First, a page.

Non-residents trading in the UK: through UK investment managers, brokers or Lloyd’s agents: investment managers: "investment transaction": transactions in relevant contracts
What are “relevant contracts”?
For the purpose of regulation 2(2)(b) and 3 of the Investment Transactions (Tax) Regulations 2014 ‘relevant contract’ has the same meaning as detailed in Part 7 of the Corporation Tax Act 2009 (CTA09). A ‘relevant contract’ is
A future; or
A contract for differences.
These three terms are defined in S.580, S.581 and S.582 respectively of CTA09. There is guidance at CFM50320 onwards about their meaning.This is subject to paragraphs (2) to (4) of the Investment Transactions (Tax) Regulations 2014.
Para 2 prevents an option, future or contract for differences from being a relevant contract where the contract relates to land. But this exclusion does not apply to contracts the underlying subject matter of which is an index, provided that
the index is publicly accessible,
comprised of a significant number of properties, and
not maintained by
the non-resident person,
the investment manager,
or a person or persons connected with either.
Connection is determined in accordance with ITA07/S993 and S994 (for income tax) and CTA10/S1122 (for corporation tax).
The conditions in regulation 3(2) are designed to exclude arrangements that may be structured in such a way as to replicate or approximate the returns from specified or identifiable holdings of land. Such arrangements would be contrary to the general prohibition on transactions in land and contracts relating to land.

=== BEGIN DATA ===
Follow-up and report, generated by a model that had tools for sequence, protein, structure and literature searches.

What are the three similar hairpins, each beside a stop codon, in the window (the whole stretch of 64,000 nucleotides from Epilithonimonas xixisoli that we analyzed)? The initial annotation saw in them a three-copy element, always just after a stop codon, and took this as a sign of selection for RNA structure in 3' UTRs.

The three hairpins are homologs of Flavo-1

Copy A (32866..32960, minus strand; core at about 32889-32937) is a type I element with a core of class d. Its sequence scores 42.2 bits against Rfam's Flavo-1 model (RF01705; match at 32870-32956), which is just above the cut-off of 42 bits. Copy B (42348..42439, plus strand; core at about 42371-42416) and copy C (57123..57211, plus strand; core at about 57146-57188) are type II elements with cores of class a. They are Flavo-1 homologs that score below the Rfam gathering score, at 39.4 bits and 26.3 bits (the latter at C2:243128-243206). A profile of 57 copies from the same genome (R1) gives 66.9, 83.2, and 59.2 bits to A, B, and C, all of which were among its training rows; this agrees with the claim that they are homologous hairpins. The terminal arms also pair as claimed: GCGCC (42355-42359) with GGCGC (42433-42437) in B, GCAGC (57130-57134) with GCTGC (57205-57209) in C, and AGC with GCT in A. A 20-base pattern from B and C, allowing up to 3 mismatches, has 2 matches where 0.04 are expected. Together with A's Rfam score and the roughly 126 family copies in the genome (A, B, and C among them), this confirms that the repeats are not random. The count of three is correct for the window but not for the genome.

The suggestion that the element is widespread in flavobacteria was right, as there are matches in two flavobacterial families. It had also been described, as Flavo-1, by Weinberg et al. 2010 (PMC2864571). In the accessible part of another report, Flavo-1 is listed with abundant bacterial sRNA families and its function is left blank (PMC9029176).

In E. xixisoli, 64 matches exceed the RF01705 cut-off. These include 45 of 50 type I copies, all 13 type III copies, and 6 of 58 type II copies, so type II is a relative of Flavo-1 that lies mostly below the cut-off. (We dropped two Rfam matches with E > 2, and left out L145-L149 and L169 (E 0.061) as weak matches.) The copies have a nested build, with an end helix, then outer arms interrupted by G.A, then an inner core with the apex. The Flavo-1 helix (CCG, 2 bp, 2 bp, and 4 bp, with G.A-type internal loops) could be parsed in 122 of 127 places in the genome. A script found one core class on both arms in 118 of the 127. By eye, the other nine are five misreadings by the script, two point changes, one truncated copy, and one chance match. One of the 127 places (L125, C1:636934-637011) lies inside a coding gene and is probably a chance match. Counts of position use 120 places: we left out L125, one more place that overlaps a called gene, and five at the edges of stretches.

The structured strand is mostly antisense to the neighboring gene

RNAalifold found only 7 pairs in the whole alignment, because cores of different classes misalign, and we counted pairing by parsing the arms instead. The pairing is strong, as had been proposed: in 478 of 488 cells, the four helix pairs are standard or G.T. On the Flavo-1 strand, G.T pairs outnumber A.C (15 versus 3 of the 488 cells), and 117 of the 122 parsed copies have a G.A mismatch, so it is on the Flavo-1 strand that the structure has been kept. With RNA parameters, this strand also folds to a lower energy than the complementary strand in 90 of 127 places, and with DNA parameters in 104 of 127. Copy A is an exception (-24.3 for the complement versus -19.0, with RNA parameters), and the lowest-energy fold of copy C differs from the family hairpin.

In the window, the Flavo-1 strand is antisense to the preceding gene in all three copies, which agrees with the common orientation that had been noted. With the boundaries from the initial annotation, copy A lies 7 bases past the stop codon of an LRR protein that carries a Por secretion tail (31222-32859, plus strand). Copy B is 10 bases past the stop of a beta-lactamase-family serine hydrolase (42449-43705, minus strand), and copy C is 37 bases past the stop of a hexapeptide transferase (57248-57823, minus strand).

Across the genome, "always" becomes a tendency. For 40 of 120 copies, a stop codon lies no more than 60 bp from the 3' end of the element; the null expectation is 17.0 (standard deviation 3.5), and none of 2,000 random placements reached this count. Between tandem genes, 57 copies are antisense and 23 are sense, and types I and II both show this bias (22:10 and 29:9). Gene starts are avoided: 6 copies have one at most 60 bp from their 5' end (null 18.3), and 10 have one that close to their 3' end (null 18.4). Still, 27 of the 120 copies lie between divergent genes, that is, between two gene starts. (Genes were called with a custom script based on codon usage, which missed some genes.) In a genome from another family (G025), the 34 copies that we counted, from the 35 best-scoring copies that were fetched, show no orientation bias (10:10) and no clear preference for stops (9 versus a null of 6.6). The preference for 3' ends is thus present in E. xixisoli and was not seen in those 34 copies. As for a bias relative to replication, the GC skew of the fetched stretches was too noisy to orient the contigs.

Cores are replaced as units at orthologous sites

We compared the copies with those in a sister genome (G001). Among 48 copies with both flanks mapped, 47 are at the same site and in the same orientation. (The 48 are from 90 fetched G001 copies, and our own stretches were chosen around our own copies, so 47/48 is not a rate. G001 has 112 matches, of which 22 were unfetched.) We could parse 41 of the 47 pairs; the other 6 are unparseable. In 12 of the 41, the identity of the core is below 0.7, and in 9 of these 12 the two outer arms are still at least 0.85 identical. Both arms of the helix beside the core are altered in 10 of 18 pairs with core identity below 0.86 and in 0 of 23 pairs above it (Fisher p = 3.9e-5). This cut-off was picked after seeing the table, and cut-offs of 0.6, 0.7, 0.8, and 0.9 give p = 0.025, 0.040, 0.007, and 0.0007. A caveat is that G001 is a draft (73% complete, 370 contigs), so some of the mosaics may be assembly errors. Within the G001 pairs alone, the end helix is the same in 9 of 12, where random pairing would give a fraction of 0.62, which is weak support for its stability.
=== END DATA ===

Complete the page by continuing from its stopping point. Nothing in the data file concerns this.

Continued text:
In order to meet the “significant number of properties” condition, an index must be sufficiently broadly based to ensure that a contract based upon it is not tailored around specific real estate holdings. Publicly accessible indices providing regional and sectoral data based upon valuations of a wide and changing range of institutional investment portfolios will, for example, meet this requirement.
The Transfer Pricing Team at Business International can advise on the admissibility of property indices in particular cases of doubt or difficulty.
Para 3 provides that a contract will not be a relevant contract where physical delivery of the underlying property takes place and that property is not of a type itself specified in 2(2) of the regulations.
Contracts which provide for, but do not result in, physical delivery are not excluded (whatever the underlying subject matter) and neither are contracts which result in the delivery of property, transactions in which are themselves specified in the regulations. For example, a transaction in an option which has a physical commodity, such as wheat, as the underlying property is not prevented from being a relevant contract by regulation 3(3) provided the option is not settled by physical delivery of the commodity. A transaction in an option which is settled by the delivery of shares, for example, will be a relevant contract, because transactions in shares are themselves specified in the regulations.
Para 4 deals with warrants which are options and therefore are relevant contracts.
Where an instrument entitles the holder to subscribe for shares or assets representing a loan relationship of a company it is a warrant and so qualifies as a relevant contract
The application of Para 4 requires that, in order to determine whether shares and assets represent a loan relationship, references to loan relationship in the CTA2009/S710 definition of “warrant” should be construed in line with Regulation 4.